Exchange Plans Could Face New Standards for Provider Networks
The Obama administration is developing new standards to address consumer concerns about narrow hospital and physician networks for plans sold through the Affordable Care Act's insurance exchanges, the New York Times reports (Pear, New York Times, 7/19).
About 50% of health plans available through the Affordable Care Act's exchanges this year have narrow provider networks, according to a report last month from the McKinsey Center for U.S. Health System Reform (California Healthline, 6/11).
Insurers in several states have announced plans to expand their hospital and physician networks for plans sold through the ACA's insurance exchanges, amid complaints from consumers and state officials about limited provider options. However, insurers have said that the network expansions are not in response to complaints from consumers and state officials, but instead reflect a growing willingness among providers to join the networks, which often pay less than employer-sponsored plans (California Healthline, 6/10).
Details of New Standards
Federal officials said the new provider network standards will be similar to those used in Medicare Advantage.
Under MA's network adequacy standards, insurers must include a minimum number of primary care physicians and specialists in each plan, which varies based on the county population, population density and other factors. The standards also set maximum travel and distance criteria for MA plans. For example, plans for MA beneficiaries in large metropolitan areas are supposed to include primary doctors within five miles and 10 minutes of where they live.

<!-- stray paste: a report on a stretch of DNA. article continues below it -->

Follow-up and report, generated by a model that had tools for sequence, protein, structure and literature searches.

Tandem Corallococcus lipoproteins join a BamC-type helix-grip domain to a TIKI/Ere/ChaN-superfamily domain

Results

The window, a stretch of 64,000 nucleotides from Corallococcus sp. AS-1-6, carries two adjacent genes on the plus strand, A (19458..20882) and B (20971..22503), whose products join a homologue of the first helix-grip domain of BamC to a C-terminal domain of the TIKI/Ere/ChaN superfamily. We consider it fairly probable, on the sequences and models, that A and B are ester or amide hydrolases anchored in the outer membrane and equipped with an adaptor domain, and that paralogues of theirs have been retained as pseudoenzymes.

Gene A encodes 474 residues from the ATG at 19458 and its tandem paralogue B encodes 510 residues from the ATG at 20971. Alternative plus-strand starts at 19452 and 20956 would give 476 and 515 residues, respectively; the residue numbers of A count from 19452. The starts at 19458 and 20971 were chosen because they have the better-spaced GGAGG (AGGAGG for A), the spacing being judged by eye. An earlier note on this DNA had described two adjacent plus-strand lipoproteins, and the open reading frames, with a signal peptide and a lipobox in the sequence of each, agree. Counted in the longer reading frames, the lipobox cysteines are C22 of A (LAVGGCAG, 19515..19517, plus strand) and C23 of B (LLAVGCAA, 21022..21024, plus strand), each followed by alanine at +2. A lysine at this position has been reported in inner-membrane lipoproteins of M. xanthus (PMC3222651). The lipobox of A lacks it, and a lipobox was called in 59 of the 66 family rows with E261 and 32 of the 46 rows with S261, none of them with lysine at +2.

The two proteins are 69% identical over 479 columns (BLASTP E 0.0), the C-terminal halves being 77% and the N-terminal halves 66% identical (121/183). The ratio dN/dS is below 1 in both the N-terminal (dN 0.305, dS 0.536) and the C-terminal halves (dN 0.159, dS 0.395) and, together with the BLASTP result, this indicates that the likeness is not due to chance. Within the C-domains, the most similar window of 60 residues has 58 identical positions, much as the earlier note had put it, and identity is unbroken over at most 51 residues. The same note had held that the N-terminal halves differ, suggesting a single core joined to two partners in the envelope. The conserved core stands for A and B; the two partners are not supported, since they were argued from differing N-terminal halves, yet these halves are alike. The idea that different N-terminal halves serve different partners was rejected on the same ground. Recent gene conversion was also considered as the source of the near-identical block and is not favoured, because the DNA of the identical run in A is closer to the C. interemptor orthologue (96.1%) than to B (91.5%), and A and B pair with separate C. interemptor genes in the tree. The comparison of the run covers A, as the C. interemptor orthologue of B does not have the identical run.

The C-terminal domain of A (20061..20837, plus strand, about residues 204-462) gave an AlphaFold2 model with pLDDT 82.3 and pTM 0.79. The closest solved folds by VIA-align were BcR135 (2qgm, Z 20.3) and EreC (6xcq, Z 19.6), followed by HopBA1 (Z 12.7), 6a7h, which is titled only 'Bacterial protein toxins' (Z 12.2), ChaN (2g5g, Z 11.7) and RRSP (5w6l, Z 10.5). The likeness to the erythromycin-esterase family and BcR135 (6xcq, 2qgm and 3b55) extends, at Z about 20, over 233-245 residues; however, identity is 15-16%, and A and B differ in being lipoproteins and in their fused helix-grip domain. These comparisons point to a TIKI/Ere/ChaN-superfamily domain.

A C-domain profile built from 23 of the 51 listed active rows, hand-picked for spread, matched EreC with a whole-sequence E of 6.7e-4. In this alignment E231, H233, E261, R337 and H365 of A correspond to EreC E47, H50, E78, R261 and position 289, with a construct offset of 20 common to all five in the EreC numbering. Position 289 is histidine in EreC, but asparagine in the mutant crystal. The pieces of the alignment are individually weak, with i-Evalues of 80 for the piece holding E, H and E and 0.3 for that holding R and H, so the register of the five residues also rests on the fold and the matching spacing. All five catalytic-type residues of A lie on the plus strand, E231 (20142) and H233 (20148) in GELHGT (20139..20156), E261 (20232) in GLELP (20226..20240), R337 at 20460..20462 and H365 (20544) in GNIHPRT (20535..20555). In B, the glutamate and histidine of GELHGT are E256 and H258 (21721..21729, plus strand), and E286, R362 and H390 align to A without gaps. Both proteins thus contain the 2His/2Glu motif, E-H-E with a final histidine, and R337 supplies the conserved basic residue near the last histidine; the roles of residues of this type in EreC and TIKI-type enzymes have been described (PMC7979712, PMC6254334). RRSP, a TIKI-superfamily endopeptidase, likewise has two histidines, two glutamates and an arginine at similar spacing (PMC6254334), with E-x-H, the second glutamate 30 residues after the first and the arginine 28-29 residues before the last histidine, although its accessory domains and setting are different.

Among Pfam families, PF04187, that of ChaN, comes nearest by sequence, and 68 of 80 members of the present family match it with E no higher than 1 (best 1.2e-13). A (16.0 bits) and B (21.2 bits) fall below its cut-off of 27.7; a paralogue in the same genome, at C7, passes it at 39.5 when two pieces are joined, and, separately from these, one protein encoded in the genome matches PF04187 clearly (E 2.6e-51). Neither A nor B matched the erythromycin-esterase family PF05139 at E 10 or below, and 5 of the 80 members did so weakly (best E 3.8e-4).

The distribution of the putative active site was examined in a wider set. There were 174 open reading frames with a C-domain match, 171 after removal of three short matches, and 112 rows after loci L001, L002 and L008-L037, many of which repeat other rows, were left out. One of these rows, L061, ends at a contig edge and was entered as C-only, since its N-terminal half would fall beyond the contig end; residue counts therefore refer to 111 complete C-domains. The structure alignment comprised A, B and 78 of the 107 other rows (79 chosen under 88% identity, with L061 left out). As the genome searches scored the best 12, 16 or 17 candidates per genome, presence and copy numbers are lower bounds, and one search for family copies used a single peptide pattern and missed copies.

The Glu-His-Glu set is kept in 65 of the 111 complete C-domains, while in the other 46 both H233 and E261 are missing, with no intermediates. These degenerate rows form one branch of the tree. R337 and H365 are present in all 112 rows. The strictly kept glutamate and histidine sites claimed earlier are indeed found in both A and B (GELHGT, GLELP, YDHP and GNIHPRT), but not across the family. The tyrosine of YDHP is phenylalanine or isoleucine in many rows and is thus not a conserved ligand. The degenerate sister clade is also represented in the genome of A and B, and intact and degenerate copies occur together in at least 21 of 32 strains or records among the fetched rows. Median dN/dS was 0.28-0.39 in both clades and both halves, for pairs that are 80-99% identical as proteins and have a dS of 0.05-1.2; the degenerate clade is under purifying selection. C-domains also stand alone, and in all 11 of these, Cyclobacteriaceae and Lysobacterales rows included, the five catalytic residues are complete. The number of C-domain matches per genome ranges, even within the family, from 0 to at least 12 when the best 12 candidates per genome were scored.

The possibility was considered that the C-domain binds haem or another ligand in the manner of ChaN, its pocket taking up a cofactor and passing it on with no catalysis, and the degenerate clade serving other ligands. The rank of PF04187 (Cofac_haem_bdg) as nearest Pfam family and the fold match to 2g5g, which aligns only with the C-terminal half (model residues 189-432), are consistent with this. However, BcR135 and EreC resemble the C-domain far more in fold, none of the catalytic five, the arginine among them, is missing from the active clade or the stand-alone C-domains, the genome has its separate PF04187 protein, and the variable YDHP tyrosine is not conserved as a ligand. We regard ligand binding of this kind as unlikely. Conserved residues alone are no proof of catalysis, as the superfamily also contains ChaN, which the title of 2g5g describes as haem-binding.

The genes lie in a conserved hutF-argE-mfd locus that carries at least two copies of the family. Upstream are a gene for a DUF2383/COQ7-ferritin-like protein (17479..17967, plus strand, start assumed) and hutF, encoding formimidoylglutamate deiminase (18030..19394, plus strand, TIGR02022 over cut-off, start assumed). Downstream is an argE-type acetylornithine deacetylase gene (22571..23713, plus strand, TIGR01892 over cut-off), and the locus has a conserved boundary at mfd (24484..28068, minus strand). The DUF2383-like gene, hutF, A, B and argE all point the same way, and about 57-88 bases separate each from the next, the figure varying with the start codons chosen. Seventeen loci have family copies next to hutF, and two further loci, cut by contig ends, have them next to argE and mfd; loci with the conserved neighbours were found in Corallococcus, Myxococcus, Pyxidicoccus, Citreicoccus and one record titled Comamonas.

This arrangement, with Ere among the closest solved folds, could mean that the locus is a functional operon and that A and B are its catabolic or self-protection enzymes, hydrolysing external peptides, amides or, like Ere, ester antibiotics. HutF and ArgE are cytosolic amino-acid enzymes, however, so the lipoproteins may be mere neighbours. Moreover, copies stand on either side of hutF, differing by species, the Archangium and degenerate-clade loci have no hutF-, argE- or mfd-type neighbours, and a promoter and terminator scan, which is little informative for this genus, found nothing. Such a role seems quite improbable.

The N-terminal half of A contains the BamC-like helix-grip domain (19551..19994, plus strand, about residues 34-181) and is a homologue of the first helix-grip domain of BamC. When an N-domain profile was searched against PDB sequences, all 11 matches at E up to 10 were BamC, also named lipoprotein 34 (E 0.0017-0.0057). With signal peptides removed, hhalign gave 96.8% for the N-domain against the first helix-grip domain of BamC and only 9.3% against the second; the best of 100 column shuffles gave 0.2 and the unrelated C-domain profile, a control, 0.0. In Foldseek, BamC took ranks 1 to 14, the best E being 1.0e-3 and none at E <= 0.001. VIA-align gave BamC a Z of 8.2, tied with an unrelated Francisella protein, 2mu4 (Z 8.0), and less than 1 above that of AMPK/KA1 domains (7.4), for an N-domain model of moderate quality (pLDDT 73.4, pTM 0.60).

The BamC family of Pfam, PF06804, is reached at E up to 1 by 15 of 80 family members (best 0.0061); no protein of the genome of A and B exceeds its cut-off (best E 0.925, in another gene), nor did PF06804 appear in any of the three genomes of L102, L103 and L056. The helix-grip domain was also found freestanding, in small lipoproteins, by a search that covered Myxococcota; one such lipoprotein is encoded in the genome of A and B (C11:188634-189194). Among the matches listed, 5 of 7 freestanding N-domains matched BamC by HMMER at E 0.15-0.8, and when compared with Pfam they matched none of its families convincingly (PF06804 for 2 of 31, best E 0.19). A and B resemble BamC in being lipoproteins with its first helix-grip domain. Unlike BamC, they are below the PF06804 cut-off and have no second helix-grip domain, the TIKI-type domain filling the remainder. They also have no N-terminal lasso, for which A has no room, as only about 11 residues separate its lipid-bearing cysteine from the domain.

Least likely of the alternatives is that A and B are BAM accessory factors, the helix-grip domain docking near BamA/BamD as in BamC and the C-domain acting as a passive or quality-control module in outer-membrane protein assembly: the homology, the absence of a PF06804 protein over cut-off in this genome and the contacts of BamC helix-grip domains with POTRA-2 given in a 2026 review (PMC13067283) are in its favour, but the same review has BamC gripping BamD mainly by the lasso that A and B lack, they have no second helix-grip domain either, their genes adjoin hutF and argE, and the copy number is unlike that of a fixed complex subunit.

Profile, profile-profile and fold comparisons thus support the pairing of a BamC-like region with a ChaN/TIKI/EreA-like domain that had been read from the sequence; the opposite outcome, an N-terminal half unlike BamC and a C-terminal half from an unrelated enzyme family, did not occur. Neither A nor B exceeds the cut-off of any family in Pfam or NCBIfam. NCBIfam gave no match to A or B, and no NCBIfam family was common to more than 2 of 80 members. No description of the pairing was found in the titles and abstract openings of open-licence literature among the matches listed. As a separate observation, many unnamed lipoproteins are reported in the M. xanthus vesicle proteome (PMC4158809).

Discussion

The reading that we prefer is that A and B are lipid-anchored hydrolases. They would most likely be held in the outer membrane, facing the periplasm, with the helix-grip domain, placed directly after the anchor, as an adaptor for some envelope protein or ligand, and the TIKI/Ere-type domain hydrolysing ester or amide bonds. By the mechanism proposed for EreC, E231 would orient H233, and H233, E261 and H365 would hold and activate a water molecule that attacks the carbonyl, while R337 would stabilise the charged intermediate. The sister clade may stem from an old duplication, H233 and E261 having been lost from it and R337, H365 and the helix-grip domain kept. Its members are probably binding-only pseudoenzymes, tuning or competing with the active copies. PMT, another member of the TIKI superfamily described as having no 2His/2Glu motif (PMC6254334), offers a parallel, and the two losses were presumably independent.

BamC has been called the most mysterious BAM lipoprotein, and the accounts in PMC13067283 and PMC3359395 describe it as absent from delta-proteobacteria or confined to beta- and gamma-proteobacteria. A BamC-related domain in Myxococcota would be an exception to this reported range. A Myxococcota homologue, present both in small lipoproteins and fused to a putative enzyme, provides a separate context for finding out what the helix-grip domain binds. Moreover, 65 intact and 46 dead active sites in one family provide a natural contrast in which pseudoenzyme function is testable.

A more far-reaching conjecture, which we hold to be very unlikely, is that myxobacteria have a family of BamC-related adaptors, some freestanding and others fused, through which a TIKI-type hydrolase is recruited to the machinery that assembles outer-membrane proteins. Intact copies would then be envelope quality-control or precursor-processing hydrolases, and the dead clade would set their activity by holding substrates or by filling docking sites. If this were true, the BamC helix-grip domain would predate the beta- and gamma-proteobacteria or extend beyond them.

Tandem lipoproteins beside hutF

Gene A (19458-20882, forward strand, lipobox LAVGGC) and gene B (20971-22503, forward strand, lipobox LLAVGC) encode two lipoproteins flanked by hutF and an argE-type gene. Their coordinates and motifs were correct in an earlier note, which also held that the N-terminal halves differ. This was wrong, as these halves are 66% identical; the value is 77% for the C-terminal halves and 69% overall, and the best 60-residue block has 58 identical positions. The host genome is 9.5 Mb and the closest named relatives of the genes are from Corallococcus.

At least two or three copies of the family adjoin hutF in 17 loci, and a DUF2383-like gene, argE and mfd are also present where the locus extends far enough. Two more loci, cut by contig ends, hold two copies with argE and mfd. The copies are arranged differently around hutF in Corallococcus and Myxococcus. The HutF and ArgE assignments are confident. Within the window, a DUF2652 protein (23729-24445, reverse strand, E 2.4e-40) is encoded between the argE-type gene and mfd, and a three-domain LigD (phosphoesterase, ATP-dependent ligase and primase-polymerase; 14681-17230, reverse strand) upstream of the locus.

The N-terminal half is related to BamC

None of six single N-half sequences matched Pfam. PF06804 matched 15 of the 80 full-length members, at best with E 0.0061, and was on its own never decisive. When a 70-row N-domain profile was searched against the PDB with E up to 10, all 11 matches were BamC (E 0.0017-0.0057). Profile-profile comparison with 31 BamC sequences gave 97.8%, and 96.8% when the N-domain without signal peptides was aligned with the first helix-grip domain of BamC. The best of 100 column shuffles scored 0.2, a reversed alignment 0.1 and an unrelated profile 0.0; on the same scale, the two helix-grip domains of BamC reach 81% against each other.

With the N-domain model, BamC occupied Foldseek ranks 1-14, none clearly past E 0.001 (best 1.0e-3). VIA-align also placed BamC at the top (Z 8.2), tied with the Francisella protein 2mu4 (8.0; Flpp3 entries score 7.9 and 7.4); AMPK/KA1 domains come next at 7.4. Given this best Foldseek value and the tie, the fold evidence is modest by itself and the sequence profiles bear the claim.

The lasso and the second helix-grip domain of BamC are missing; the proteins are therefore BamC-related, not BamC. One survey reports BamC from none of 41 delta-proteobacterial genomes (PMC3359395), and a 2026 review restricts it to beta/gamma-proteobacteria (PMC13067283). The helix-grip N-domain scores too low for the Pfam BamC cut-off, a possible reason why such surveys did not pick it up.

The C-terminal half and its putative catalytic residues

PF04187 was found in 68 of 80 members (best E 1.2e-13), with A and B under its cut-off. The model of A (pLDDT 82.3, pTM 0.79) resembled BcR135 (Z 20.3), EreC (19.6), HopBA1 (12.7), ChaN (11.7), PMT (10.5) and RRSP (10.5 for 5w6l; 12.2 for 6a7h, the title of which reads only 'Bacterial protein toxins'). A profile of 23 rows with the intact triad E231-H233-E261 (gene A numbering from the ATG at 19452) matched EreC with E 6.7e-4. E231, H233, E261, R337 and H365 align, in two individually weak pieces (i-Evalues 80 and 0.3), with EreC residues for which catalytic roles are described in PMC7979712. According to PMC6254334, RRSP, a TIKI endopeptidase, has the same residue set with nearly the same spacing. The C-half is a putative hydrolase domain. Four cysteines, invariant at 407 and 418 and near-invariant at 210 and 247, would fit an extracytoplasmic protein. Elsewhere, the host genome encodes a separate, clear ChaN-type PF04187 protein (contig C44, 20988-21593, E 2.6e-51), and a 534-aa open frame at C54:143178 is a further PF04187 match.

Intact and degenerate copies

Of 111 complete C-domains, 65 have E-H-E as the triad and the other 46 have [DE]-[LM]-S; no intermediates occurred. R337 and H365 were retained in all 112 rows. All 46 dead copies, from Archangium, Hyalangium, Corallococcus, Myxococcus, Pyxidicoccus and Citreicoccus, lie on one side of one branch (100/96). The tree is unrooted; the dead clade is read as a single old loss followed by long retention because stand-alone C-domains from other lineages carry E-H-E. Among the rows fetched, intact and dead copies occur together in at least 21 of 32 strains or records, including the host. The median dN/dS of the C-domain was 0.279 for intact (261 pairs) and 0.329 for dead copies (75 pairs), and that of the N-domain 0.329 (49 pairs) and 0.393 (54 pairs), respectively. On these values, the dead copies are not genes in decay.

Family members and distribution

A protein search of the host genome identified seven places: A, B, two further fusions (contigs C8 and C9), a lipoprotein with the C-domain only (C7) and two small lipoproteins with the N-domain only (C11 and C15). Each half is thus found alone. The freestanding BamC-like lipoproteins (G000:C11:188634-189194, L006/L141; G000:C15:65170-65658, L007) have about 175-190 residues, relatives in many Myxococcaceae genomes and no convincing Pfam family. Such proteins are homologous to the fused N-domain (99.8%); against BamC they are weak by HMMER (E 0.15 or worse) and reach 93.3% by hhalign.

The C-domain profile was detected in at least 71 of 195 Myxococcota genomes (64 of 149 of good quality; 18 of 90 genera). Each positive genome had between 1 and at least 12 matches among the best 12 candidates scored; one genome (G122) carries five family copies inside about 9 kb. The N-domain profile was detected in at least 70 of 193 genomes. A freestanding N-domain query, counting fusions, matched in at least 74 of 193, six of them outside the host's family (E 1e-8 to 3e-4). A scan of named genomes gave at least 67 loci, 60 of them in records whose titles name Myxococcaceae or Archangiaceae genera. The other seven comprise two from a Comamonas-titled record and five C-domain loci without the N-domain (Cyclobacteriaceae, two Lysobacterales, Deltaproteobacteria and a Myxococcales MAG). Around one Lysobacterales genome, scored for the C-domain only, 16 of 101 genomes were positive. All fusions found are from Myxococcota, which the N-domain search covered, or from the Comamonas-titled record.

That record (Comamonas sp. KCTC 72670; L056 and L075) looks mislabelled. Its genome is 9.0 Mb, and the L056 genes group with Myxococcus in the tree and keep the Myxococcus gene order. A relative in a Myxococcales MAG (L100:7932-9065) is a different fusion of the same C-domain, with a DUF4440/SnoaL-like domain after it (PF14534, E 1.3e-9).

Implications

Officials are using the same computer software to evaluate plans offered through the ACA's exchanges that they have used to evaluate MA plans, according to the Times. The software measures the distance between individual policyholders and individual providers in a given geographic area.
In the new standards for plans sold through the ACA's exchanges, most insurers will be required to offer plans with at least 30% of "essential community providers" that treat "low-income, medically underserved individuals" in their coverage area, the Times reports. Such essential community providers include HIV/AIDS clinics, community health centers and family planning clinics.
Specifically, the Obama administration said in a recent memo to insurers that the standards would focus on "those areas which have historically raised network adequacy concerns, including hospital systems, mental health providers, oncology providers and primary care providers."
States Setting Own Standards
Under the new standards, states are also able to adopt additional standards, as several already have done, according to the Times.
For example, Washington state set its own network adequacy standards in April, while New York recently passed a law that allows patients to receive treatment from out-of-network providers at in-network costs if their health insurance does not include any providers with expertise to treat their condition.
Insurers Weigh In
Many insurers have said that consumers should be able to choose between less-costly plans with more narrow networks and more-costly plans with broader networks. Further, insurers have argued that ability to offer plans with narrower networks helped keep premiums lower and allowed them to exclude lower-quality providers from plans, according to the Times (New York Times, 7/19).This is part of the California Healthline Daily Edition, a summary of health policy coverage from major news organizations. Sign up for an email subscription.